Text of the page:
Hana Greenberg

Canada

I am a 14 year old in North America, originally from Tokyo. Former homeschooler and avid reader. I love to learn languages and I speak Japanese, English, and French. I also study Latin. Other interests are competitive swimming, baking, and drawing.

All Out

January 20, 2021

I dipped my foot uncertainly into the cold, chlorine filled water of a local high school. Everyone around me laughed and talked before our 1½ hour-long swim practice. I nervously gathered my equipment and jumped into one of the lanes. The water was freezing. Then I looked over at my new coach who was busy writing our first practice set of the season on the squeaky blackboard. I felt my motivation sag. How was I going to survive this insanely hard warm-up?
 
That evening, I was absolutely worn out. The training was nothing like what I had been used to. I didn’t want to go back for a second practice session the next day. My teammates were faster and stronger than me.  Discouraged, I thought that I would never get as fast as them.
 
The following afternoon, I arrived at another pool. The deserted streets and closed stores made me shiver with fear. I was used to people bustling around on the sidewalks of Tokyo, vendors and stores open with energetic staff. However, that was before. I sighed and continued on my seemingly long journey.
 
During another main set worthy warm-up, I wanted to just give up and jump out of the pool. My body ached from the previous day’s set and this one seemed to be even harder. Nevertheless, I had no choice but to keep swimming and to keep going on without any breaks because I was so far behind.
 
It was hard enough for me to adapt to the new training plan for swimming. However, I also had to embrace other big changes in my life including moving halfway across the globe, switching education systems, a completely different daily life, a new environment, and the whole atmosphere of my new hometown.
 
That night, my mom presented me with a book that changed my perspective on my swimming and my new life. It contained great advice, humour, and an important message. Nikki on the Line by Barbara Carroll Roberts soon became my favourite.
 
Nikki is a 13-year-old living in Northern Virginia. She is a thriving basketball player who gets into the Northern Virginia Action club team with very hard work. She has to tackle various problems such as big school projects and pesky little brothers as she tries to prove herself on the court, to her family, and in her daily life.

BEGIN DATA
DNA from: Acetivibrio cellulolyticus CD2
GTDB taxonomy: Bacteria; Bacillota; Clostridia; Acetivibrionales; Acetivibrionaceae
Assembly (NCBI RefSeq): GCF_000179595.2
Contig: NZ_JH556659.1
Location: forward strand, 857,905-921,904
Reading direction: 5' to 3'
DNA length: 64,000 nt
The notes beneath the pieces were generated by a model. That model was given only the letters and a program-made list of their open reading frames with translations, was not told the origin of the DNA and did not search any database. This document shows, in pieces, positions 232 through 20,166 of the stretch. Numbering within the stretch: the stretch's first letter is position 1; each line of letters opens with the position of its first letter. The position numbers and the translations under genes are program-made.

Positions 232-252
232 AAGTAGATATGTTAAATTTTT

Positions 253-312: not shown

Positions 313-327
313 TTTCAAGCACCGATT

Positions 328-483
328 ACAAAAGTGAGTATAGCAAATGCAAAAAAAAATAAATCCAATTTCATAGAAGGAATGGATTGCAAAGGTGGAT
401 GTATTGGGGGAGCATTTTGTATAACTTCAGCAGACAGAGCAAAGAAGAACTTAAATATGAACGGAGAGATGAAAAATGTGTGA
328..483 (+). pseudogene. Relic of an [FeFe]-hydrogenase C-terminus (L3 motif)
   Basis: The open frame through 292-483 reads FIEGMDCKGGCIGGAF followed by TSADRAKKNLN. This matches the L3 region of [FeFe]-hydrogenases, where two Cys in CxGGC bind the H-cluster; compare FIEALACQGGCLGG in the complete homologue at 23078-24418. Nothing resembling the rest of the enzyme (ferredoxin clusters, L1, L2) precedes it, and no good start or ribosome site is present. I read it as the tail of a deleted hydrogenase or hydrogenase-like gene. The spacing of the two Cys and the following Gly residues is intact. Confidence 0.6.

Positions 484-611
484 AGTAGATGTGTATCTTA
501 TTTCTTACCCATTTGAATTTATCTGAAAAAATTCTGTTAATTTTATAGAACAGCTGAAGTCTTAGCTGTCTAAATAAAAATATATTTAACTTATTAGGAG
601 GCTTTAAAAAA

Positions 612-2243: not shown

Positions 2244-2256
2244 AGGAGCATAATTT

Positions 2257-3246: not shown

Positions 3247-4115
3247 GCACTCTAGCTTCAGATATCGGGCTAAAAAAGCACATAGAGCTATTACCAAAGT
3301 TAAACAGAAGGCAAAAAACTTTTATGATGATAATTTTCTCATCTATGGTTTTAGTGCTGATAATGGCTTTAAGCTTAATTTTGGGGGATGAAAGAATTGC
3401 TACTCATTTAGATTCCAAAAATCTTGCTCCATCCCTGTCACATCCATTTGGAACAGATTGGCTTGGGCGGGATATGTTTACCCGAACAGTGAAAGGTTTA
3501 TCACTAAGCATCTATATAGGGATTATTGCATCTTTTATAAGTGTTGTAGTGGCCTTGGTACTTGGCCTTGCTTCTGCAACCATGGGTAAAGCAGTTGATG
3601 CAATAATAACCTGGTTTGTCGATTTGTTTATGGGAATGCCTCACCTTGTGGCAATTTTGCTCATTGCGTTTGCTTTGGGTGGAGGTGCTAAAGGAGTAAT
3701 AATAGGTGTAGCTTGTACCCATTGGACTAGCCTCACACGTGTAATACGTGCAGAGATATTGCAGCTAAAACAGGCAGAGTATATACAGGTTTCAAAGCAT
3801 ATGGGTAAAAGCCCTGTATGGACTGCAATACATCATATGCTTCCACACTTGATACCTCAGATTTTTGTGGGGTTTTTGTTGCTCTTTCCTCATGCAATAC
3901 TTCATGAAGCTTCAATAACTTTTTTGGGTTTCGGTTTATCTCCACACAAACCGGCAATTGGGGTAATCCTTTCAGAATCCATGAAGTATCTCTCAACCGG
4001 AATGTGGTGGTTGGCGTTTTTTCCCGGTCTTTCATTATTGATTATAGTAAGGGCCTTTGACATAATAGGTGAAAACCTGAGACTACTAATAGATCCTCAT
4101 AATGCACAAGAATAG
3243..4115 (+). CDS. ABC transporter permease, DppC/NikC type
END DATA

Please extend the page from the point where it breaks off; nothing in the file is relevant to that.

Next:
I had been to North America during the summers to visit my paternal grandparents and to attend camps and other activities but it felt different to actually live here. It was unreal for me. I had lived in the same country for my entire childhood and I was suddenly thrust into this city where people were loud and rough. Where the downtown streets were dirty and littered. Where I constantly had no idea where I was. Everything about it was unfamiliar. In addition, I had to adjust to a public middle school after having been homeschooled in Tokyo for 4 years.
 
A part of me just wanted to skip the next swim practice. Even so, I told myself that I shouldn’t give up just yet. Nikki didn’t give up even when one of her basketball teammate’s parents insulted her behind her back about her basketball skills. She didn’t give up during hard workouts and at points where she felt like she was going to die of exhaustion. Instead, Nikki pressed on, becoming stronger with each effort. I decided to put this into consideration because I didn’t want to be a person who I would not be proud to be. I put myself next to Nikki and I tried to develop the qualities that I found admirable in her.
 
Nikki wanted to be a star player and she eventually became one. The reason was simple. She tried her absolute best during every single training session and she pushed through the times were she wanted to give up. She strived to make her disadvantages her strengths at practices so that others would notice her as a valuable teammate. Nikki showed that hard work leads directly to results.
 
I was behind the blocks for my first race of the meet. Inhale, exhale. Inhale, exhale. I was nervous because I needed to do well in the race to make a good impression on my new coach. I needed to show myself that all of the hard work in practice had been worth it.
 
Before I knew it, it was my turn to swim. I remembered how Nikki was strong and fearless during her games. How she didn’t let her opponents distract her from her zone. I felt like she was cheering me on in my head. I smiled. She was supporting me and I couldn’t let her down.  
 
“On your marks… go!”
 
I swam harder than I had ever swum before. Legs and arms pumping, I lost myself in the race. I ploughed through the water, using Nikki’s encouragement as my motor.
 
Before I knew it, I reached for the wall, my wet fingers groping for the bumpy surface. My eyes went straight to the scoreboard. I had beaten my seedtime by nearly 20 seconds! I smiled to myself, somewhat relieved. Jumping out of the pool, I staggered over to my coach.
 
I learnt firsthand that hard work does pay off. Determination, persistence, and the dedication to work hard are necessary to succeed. In my case, I began to achieve my goal times consistently because I tried to work hard in training.
 
Nikki became my motivator whenever I was discouraged or when I felt like I couldn’t try any harder. She became my role model as an athlete and more importantly, as a person. She has a great attitude that I look up to immensely. I recommend Nikki on the Line to anyone who feels like they need a push or something to motivate them to continue pursuing their dreams.

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